Sunday, June 12, 2011

Mississippi Reducing Prison Population

Corrections Commissioner Advocates More Spending on Education

Since 2008, Mississippi has trimmed its corrections budget by about 5%, to $332 million, according to Time. Reducing the prison population hasn't caused the state's violent crime rate to rise. In fact, the rate is falling toward 1970s levels, and the state's recidivism rate has decreased to 30% in the last four years — well below the national average.

The state is testing a global-positioning device that costs about $13 a day per convict to keep tabs on an individual — far less than the $41.74 cost to house and feed a prisoner. "We're still monitoring you, which is probably better than in some of my facilities," Chris Epps, commissioner of the Mississippi Department of Corrections told Time. Elderly and terminally ill inmates are being released to their families, or hospices, saving nearly $5 million.

Epps expects the number of people placed on house arrest to increase — as soon as Mississippi's wireless commission, which he chairs, expands Internet access to rural areas. In the coming months, he will push legislation to expand inmates' eligibility for parole — potentially lowering the prison population by 19%, to 17,000, within two years. Projected savings: $52 million. "We can't spend enough on education," he told Time, "and that's a direct correlation to the number of people coming to me."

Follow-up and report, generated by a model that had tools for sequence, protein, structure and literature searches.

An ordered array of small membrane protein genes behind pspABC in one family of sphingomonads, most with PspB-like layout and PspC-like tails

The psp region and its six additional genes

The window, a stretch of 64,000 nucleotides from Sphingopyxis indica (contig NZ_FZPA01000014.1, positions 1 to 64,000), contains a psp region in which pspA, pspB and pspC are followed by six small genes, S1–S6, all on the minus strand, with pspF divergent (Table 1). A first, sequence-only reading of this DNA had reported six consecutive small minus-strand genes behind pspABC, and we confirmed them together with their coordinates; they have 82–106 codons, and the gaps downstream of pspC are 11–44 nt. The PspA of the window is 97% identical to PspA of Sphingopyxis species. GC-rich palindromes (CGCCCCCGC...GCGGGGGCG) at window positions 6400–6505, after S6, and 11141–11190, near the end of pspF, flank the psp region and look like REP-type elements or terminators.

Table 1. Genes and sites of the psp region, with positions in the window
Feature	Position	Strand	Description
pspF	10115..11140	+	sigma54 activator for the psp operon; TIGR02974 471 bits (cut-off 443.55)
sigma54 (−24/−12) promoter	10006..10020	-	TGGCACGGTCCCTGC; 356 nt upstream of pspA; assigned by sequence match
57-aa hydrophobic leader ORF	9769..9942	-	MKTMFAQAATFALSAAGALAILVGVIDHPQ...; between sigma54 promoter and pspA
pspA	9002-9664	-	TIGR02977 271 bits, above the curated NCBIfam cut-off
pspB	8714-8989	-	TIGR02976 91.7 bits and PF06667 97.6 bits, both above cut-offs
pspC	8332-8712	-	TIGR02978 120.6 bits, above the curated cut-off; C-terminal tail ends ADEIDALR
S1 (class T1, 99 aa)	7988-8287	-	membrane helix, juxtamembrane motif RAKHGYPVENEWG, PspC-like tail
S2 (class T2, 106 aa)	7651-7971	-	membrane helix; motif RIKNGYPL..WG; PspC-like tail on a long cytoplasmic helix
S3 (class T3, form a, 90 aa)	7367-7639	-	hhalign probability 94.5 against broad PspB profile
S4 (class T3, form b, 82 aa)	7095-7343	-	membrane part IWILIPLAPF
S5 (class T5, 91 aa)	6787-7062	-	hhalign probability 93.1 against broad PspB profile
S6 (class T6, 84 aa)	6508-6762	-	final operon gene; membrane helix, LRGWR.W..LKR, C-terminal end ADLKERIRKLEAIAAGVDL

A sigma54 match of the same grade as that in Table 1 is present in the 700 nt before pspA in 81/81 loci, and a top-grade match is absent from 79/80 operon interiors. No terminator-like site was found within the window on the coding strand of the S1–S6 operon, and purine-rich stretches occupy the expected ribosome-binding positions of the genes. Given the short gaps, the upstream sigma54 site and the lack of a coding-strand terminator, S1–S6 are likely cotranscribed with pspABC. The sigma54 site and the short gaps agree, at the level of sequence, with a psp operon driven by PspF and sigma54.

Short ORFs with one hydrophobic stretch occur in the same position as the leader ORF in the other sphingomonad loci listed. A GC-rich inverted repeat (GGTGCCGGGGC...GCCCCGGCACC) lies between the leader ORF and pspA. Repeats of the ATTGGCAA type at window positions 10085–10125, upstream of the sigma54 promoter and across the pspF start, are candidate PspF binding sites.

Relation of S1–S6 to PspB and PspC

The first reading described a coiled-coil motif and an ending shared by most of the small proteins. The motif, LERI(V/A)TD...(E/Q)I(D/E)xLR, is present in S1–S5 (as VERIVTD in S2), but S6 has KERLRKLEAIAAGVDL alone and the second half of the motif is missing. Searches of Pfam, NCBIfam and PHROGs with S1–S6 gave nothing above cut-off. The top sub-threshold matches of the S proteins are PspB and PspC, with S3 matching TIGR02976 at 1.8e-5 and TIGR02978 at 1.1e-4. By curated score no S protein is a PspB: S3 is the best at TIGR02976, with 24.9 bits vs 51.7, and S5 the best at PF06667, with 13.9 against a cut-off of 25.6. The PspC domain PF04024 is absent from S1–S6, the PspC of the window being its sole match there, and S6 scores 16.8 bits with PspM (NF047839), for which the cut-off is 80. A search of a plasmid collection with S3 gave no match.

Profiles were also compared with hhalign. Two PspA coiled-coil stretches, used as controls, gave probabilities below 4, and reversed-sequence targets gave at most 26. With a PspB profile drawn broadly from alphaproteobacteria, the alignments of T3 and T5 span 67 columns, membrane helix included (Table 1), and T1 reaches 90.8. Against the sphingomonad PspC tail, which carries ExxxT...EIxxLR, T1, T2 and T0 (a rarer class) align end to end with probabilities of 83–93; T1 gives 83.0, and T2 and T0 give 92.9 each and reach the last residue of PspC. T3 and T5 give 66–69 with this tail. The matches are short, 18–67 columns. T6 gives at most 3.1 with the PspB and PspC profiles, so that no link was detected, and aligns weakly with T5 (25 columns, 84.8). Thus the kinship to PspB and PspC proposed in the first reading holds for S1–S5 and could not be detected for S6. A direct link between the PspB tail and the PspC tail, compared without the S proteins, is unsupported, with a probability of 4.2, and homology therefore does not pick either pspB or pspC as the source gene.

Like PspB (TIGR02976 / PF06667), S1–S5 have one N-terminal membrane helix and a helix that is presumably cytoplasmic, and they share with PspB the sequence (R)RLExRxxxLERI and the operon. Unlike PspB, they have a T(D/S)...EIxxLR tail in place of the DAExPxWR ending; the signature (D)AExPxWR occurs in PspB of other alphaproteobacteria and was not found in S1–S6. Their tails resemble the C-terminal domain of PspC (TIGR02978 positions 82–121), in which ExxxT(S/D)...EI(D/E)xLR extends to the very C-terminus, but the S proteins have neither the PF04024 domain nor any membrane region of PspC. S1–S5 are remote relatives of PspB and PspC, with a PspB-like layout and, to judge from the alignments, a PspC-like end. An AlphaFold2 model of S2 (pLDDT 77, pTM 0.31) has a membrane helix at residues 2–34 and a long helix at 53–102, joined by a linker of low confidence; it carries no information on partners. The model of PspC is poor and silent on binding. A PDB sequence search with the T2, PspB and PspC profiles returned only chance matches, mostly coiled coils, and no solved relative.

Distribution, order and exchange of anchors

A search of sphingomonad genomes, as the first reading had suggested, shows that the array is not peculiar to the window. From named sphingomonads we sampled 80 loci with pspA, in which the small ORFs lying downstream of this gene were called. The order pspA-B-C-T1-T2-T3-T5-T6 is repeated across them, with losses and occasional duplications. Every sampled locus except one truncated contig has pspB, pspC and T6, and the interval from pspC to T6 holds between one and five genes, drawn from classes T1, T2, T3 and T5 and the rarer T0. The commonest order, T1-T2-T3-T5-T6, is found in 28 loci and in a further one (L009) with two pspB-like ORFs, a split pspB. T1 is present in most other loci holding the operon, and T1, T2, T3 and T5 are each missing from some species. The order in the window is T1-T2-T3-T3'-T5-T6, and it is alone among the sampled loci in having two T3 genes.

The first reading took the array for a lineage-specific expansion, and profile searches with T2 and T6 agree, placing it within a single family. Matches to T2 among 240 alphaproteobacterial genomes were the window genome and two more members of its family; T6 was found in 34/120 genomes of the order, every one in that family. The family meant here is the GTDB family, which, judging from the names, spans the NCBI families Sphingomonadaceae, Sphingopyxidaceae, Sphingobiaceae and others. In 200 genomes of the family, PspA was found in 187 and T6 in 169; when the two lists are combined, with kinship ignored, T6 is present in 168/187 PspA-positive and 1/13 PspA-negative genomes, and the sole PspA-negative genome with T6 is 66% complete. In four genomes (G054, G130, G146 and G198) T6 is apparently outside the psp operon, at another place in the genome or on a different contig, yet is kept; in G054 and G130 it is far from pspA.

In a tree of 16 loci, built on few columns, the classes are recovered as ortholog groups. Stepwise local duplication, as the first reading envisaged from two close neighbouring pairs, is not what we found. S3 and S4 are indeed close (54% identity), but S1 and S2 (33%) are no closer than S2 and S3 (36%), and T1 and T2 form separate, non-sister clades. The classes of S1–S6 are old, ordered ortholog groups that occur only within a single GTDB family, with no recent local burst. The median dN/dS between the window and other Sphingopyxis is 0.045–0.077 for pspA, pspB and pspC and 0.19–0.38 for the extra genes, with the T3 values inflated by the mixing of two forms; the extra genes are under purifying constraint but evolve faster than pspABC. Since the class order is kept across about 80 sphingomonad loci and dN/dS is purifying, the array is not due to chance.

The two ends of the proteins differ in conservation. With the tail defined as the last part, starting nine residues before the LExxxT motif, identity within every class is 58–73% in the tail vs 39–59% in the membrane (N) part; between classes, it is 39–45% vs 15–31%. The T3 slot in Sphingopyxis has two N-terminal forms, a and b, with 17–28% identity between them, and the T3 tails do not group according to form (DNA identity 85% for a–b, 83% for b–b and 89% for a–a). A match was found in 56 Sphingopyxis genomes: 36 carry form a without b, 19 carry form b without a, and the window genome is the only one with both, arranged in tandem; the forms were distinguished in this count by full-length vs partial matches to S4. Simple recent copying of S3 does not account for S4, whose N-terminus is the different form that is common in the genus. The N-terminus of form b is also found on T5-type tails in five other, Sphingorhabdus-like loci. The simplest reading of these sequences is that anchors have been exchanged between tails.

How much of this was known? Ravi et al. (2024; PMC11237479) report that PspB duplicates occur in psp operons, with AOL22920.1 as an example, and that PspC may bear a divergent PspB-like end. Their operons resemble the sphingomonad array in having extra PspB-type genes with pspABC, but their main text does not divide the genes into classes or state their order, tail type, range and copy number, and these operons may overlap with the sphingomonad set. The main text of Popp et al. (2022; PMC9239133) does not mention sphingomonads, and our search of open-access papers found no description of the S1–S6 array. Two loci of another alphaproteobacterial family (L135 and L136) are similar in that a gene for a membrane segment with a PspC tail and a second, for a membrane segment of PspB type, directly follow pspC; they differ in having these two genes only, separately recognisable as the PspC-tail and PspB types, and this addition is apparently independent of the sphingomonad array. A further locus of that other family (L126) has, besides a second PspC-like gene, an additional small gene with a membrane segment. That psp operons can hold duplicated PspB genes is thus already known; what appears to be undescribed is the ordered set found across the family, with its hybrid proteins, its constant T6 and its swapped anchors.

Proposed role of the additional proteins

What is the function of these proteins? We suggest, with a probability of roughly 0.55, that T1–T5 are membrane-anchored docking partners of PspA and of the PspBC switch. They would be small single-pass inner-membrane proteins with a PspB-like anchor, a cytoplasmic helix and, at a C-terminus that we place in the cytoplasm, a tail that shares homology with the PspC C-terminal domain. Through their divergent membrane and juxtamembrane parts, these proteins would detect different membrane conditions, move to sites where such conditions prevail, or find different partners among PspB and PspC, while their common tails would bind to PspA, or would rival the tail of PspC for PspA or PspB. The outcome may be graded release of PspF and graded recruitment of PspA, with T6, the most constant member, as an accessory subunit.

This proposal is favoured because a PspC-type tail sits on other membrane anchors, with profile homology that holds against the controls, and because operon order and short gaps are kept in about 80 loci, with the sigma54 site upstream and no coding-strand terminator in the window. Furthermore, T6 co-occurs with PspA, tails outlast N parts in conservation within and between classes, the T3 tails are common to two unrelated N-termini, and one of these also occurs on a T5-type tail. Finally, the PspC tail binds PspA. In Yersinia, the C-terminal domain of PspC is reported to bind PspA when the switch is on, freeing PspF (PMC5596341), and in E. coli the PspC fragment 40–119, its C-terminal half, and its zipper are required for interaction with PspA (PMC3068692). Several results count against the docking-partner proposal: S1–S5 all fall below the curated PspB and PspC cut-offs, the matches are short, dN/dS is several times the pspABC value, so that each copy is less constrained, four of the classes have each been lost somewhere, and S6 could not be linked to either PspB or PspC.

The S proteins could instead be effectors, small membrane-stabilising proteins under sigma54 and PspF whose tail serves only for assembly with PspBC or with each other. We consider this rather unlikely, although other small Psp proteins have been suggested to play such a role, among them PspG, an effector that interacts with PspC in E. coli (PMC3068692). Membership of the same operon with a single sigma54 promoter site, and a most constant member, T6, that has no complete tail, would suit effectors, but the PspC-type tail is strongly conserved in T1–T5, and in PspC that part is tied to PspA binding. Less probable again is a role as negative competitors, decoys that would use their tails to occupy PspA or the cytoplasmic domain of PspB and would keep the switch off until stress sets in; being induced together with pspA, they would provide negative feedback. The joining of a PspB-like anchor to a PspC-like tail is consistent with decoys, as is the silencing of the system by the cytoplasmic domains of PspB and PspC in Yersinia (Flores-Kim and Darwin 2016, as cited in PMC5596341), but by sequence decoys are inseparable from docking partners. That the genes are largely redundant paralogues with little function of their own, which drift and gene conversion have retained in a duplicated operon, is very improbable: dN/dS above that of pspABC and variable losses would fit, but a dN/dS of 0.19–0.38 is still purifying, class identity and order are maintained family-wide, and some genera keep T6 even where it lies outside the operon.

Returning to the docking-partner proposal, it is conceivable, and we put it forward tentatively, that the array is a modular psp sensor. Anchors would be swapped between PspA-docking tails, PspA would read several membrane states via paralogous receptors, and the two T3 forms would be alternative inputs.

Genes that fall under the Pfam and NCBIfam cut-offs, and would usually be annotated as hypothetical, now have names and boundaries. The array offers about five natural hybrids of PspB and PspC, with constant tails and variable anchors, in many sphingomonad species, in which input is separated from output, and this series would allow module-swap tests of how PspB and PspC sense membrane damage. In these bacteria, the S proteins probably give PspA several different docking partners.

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1 comment:

Anonymous said...

Granted, we’re doing a hell of a lot wrong in regards to our educational and prison system, but this post I recently read (linkage here for those interested: seems to combine the two for what I see as an ideal situation. Although an expense, consider the advantages of educating our prisoners. Be it hope or a newfound sense of purpose, getting our of prison will be that much more solid for these guys and potentially that much less intrusive of our taxpayer pocketbook. Just my thoughts. A little off topic, but your post made me think of that.

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